Since we last spoke to Nicolai Schumann (Full Time MBA, 2009), he has moved away from the fashion industry to work on his storytelling consultancy, Universal Storyteller and focus on his role as a visiting lecturer at the Business School. He also teaches innovation and business creativity through his agency Horizon Innovation Lab. We sat down with Nico to discuss his new book The Hero Inside: What We Can Learn From Heroes, which will be taught on his Storytelling in Business class at the Business School (formerly known as Cass).
Nico combined his background in storytelling with his business experience to create his course on storytelling in business which he successfully pitched to the Business School. He explains that storytelling is vital to all businesses: “stories are a very subtle and very powerful persuasion tool… everybody loves a good story”, he goes on to add that “if you tell someone a story… people will make up the moral of the story in their own mind, they will make a decision by themselves and they don’t feel like somebody pushed something on them”. Since his first year of teaching, his class has “ballooned to over 80 students” and he now teaches across multiple MBA and MSc programmes.
Discussing the course Nico says, “when I teach my students storytelling I always tell them about the hero’s journey, which is an archetypical story structure. At the end of the class I explain to them what a hero is and what a hero does.” And what does a hero do? “The lowest common denominator of all heroes is that they are willing to sacrifice – so to speak – themselves for the greater good. The opposite is not a villain but a bystander”, Nico explains that he believes bystander behaviour has led to bad, unethical business practices and scandals in the business world – “there were too many people who didn’t step in and didn’t act heroically”.
“How can we become more heroic?”
Nico explains that his students were the primary motivator behind his desire to write a book on the role heroes play in society and business. “My students kept asking me, ‘we understand the concept of a hero, but can you elaborate on that and how can we actually become more heroic?'” He realised there wasn’t much literature on the topic and decided to tackle the topic himself.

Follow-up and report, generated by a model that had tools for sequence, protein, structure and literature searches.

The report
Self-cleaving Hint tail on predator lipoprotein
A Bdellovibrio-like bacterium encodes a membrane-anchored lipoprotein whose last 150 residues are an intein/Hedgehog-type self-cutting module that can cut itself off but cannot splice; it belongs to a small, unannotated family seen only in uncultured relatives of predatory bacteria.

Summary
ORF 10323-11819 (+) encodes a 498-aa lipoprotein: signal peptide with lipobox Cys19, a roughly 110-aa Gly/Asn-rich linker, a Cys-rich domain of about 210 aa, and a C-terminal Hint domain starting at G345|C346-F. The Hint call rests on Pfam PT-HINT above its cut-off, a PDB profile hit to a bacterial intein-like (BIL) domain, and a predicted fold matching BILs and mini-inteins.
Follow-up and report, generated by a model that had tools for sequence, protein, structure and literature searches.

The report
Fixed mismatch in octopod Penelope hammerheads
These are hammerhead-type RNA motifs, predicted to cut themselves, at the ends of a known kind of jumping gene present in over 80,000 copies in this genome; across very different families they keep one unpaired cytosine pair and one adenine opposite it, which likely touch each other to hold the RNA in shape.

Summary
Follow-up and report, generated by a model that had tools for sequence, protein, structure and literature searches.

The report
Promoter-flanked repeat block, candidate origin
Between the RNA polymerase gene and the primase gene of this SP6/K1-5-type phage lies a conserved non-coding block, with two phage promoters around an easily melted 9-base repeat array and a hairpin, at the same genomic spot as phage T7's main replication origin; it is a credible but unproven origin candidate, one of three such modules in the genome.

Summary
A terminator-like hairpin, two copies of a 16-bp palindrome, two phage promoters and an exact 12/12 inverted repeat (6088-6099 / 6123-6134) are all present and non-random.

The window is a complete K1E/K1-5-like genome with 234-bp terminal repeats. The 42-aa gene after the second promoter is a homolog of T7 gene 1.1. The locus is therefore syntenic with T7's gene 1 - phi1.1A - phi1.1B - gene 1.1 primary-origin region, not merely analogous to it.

The Hero Inside aims to motivate people to consider how they can behave more like a hero and improve the world around them: “I believe if there were more heroes then the business world would be way more ethical”. But the book isn’t just for business students or professionals, it is aimed at anyone who is lacking inspiration. He hopes his book will create a ripple effect of people acting positively, even if it only impacts a few people directly then Nico says he will be happy with the contribution his book has made to society. He believes firmly that “we learn from stories… and we learn from heroes. If we believe in the deeds of heroes, then that might create this ripple effect and might lead us onto a more heroic path”.
Such is his quest to spread the universal benefit of the hero’s journey that Nico has recently published a children’s book The Little Asteroid which seeks to convey the message to children. The book is told through the eyes of an asteroid who leaves his orbit to explore what is really out there: the aim is to motivate children to always be curious (a key trait of a hero) and begin their own heroic journey.
Teaching at the Business School: “it felt like coming home”
Nico has found returning to the Business School as a teacher very rewarding, he tells us “you try to be the teacher you always wanted to have” and has relished the opportunity to share his wisdom and experience with the students who sat where he once did, “it almost felt like coming home”. He goes on to discuss the impact lockdown has had on his teaching: “I had the pleasure of teaching both my MSc and MBA classes online… it worked surprisingly well!” He highlights the benefits of using breakout rooms and inviting guest speakers more easily but admits he can’t wait to be back in the classroom.
Sharing a final piece of advice, Nico encourages not only his students but everyone to invite more inquisitiveness into their lives: “always stay curious!”